Africa has been conquered, exploited, deprived of its natural and human resources and used as a market to sell billions of weapons as well as dump toxic nuclear waste. The UN including the G8 watched as thousands of Rwandese were massacred. They watch as people suffer terribly and die of dreadful diseases like malaria that can be eradicated by use of drugs and pesticides such as DDT that they have banned. They used US$300 million to protest against genetically modified foods and set aside US$175 more to campaign against GM foods as millions of Zambians were on the verge of starvation, caught between the trap of accepting GM  corn and risk economic sanctions or succumb to ‘international’ pressure and watch  citizens die. Zambia chose the latter. No dime from the US$500 was spent on Zambia, for an African starving to death provides news for CNN, BBC etc. Africa is made to set aside vast lands which would have been beneficial for Agriculture and settling landless populations, to serve as game ranges. Most of these are not owned by the Africans themselves and barely benefit Africa in terms of revenue for most personnel who work therein are imported, with the locals serving as sweepers and security guards. Africans are discouraged from working on their land in the name of conserving the environment and restoring it to ‘edenic’ and pristine condition, disregarding the fact that the environment was not meant for aesthetic looks only but it should serve mankind. Africa recoils under the structural adjustment programs, sending workers away on grounds brewed elsewhere.

Where has the G8 and the West gotten all this love and good feelings for Africa? How quickly have they been converted? Can they be trusted? Shouldn’t Africa be more skeptical of people who have hired popular rock stars as showbiz personalities, and sent their First Ladies to Africa to advance their agenda? Muammar Gaddafi, President of Libya, urges African leaders to shun begging from rich nations, embrace self reliance and reject conditional aid from the west. “Begging will not make the future of Africa; instead, it creates a greater gap between the great ones and the small ones.” He continues: “We are being subjected to a double faced phenomenon which is benign on the surface and malicious underneath….If the aid is conditional and leads to compromises, we do not need it! They (Foreign powers) are the ones who need Africa. They need its wealth.” Anglican Archbishops Nzimbi, Akinola and Rucyhana of Kenya, Nigeria and Rwanda respectively have adamantly said No! to financial help from Rowan Williams, the Archbishop of Canterbury and world leader of Anglican churches if it means consenting to the consecration of gay clergy and endorsing of same sex marriages. Has it dawned on the black clergy that the African church is being used as a cash crop?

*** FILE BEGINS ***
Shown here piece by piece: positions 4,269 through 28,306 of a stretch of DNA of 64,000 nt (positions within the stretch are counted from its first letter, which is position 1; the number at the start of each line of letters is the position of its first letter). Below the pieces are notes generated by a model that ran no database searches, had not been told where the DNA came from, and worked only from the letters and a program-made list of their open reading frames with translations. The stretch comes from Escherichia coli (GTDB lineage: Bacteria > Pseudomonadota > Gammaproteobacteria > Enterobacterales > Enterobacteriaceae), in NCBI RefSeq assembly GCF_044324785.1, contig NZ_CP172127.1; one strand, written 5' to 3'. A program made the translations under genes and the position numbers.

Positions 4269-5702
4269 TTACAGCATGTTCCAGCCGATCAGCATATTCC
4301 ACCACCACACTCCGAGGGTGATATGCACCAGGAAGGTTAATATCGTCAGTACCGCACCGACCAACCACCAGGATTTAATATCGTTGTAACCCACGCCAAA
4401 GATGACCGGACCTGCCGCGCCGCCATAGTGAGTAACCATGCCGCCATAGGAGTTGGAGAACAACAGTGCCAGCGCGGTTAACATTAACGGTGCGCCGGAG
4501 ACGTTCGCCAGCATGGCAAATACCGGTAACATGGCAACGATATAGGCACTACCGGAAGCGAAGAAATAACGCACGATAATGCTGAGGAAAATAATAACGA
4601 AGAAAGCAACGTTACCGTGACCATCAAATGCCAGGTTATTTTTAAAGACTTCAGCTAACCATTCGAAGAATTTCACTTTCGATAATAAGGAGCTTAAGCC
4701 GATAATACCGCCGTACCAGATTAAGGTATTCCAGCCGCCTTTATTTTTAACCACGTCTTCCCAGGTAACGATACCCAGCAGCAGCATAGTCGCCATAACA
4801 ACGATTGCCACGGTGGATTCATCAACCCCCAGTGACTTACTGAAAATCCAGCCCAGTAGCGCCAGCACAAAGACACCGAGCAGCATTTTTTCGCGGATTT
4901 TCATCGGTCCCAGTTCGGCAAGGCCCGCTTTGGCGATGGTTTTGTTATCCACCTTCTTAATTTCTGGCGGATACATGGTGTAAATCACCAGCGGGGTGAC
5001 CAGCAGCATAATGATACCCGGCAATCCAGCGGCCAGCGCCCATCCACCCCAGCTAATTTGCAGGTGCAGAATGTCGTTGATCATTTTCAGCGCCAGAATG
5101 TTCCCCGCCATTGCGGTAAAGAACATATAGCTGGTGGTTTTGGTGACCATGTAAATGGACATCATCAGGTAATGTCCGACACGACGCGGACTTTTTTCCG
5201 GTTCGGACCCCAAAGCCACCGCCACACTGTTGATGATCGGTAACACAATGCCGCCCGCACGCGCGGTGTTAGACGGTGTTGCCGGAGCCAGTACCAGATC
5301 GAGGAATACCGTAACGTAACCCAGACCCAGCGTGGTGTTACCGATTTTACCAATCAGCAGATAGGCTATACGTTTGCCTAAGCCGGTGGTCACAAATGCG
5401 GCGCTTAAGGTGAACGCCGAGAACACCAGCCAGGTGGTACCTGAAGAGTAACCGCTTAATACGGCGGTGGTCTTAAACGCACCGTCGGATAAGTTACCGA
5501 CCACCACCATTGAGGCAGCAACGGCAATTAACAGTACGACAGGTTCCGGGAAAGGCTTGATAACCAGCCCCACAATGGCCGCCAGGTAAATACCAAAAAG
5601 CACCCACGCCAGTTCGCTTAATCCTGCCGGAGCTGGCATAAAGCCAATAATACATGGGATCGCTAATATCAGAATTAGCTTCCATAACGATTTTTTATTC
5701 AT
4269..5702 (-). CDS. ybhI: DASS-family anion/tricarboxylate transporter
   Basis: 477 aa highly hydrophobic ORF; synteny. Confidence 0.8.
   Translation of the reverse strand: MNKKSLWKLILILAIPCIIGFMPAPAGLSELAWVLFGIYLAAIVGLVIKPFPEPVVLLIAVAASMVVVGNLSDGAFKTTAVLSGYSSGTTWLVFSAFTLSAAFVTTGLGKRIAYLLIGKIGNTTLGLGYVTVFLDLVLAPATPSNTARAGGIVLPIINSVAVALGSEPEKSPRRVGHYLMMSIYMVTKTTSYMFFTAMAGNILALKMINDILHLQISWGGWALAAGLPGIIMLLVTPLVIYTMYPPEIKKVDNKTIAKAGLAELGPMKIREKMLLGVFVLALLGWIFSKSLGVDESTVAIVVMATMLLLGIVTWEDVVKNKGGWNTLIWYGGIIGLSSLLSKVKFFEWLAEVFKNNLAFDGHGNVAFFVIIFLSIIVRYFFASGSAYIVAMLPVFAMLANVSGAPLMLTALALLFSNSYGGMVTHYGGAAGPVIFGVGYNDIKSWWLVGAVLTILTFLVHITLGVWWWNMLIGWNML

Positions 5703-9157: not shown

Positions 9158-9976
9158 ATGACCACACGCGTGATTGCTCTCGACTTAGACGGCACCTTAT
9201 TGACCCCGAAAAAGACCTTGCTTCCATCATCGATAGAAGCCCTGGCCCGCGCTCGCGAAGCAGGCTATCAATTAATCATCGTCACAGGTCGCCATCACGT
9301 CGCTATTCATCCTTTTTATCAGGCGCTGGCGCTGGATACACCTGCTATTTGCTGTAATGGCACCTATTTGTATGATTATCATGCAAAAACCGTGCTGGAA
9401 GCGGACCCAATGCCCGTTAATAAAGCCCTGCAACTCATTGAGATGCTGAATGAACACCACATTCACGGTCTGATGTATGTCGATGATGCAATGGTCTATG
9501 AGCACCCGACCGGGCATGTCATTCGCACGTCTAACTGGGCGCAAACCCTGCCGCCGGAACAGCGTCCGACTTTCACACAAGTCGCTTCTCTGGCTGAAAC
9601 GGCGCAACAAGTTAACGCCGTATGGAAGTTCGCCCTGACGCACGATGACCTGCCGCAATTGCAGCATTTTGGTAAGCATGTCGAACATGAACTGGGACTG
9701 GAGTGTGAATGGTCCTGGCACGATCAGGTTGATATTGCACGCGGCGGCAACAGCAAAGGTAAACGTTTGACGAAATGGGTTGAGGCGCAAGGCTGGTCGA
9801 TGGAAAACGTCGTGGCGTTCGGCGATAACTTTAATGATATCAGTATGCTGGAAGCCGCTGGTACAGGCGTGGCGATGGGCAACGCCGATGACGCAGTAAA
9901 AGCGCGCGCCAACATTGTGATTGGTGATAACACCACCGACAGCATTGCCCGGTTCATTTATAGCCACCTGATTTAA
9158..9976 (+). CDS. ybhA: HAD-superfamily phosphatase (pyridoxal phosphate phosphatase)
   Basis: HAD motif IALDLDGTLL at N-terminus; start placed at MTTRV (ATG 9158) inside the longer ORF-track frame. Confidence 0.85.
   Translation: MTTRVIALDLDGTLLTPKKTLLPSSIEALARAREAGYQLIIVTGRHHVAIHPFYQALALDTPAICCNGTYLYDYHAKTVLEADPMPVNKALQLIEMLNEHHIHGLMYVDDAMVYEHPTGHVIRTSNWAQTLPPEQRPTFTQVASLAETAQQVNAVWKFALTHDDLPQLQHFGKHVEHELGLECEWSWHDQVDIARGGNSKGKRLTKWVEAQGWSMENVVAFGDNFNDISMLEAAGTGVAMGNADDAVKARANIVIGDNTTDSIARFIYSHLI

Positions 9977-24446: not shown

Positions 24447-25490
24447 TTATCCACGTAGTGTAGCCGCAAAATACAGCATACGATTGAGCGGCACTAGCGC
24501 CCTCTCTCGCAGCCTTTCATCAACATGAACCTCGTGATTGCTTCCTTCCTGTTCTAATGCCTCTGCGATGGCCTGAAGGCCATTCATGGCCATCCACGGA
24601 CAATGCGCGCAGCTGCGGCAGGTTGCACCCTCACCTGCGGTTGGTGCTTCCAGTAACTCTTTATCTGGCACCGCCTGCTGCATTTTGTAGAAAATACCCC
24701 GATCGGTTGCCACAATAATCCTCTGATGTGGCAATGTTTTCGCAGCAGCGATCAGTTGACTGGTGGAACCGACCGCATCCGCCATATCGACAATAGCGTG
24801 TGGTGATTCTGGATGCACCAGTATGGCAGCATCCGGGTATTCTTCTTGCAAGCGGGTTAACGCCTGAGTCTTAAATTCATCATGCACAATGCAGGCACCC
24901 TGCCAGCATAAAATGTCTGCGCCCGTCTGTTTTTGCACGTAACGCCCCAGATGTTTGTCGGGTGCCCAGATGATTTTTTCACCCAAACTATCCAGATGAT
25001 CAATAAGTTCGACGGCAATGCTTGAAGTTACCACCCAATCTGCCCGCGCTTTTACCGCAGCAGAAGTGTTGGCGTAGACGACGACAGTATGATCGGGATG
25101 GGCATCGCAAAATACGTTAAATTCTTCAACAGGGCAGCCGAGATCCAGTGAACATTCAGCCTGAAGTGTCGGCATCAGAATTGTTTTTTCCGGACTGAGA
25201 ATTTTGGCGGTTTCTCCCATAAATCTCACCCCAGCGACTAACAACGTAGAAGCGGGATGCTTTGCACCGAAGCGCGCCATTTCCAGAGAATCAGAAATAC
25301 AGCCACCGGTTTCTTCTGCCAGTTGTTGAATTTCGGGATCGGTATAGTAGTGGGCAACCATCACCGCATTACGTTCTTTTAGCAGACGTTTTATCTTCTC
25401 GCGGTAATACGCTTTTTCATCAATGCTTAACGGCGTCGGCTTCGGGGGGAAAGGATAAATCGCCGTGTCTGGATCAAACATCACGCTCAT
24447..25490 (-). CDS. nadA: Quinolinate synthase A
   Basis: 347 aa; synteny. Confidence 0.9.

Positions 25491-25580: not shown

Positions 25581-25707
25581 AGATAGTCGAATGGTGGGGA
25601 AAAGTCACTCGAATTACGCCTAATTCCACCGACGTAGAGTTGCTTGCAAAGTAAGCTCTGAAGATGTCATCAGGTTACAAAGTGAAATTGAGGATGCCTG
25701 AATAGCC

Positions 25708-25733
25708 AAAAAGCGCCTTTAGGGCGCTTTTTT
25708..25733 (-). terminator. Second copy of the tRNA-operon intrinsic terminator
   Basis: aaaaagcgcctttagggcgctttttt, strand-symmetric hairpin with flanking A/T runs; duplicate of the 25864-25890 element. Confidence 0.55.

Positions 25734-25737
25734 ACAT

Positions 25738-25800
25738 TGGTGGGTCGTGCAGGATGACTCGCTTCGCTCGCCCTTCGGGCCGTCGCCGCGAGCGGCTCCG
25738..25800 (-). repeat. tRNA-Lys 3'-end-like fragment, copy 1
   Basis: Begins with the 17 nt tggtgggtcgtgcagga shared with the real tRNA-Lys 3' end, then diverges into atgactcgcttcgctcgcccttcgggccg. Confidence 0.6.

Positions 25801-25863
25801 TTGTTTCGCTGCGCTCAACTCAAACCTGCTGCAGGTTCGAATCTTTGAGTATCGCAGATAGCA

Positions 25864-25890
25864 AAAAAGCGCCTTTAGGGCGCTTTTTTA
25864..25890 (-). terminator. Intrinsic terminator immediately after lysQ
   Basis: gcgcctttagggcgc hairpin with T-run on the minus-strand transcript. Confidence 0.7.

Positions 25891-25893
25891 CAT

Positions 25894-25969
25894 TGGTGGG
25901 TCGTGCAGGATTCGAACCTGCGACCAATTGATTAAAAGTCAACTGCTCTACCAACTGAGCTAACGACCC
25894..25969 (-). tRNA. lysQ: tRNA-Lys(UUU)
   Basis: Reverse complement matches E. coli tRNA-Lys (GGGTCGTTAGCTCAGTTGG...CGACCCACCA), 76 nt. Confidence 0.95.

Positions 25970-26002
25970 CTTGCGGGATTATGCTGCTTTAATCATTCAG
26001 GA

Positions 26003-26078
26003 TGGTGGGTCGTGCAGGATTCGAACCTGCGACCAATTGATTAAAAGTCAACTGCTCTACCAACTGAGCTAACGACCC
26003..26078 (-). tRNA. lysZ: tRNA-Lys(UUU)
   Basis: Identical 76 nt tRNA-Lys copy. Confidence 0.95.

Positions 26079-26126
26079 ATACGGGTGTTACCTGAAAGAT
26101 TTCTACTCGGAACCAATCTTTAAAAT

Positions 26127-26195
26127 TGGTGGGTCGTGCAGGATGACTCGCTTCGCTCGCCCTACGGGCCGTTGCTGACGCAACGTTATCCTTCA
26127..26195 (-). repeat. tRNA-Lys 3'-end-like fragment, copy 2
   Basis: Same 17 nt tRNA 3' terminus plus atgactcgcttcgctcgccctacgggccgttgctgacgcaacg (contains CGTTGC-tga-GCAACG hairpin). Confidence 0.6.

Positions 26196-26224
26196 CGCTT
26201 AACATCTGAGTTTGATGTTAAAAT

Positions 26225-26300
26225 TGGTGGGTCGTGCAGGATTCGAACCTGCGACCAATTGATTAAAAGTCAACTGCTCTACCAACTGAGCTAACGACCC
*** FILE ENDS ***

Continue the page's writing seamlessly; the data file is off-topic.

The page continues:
As some African growers recently commented; “You can’t just let Africans grow by themselves. If left to their own devices they quickly overtake and become dominant in whatever field they are planted. Just look at sports. It used to be all white, and then they planted a few Africans. Now Africans dominate most major sports. Whatever those Africans try to do, they always excel and that is bad news for the whites. So proper growing of Africans is essential for a healthy prosperous Europe”. It is true indeed! Most soccer players have been lured away from Africa to play for foreign teams such as France. They play for these countries which have granted the citizenship as the host country takes all the credit.

As the west attempts to remake its public image after the guilt from past bloody atrocities, Africa should guard against being the basin that will hold the water. Africa should beware of being used as a cash crop in the hands of foreign powers but instead be the farmers to check her own course. With the aid industry booming, it is time Africa demanded payment from aid agencies (out to work in Africa and the existing ones) for providing an environment that has helped the aid agencies get rich. Consequently, it is time Africa was paid before being helped. It is said that Africa has finally gotten the attention from the West but as Isaac the Patriarch put it: The hand indeed is Esau’s, but the voice is Jacob’s.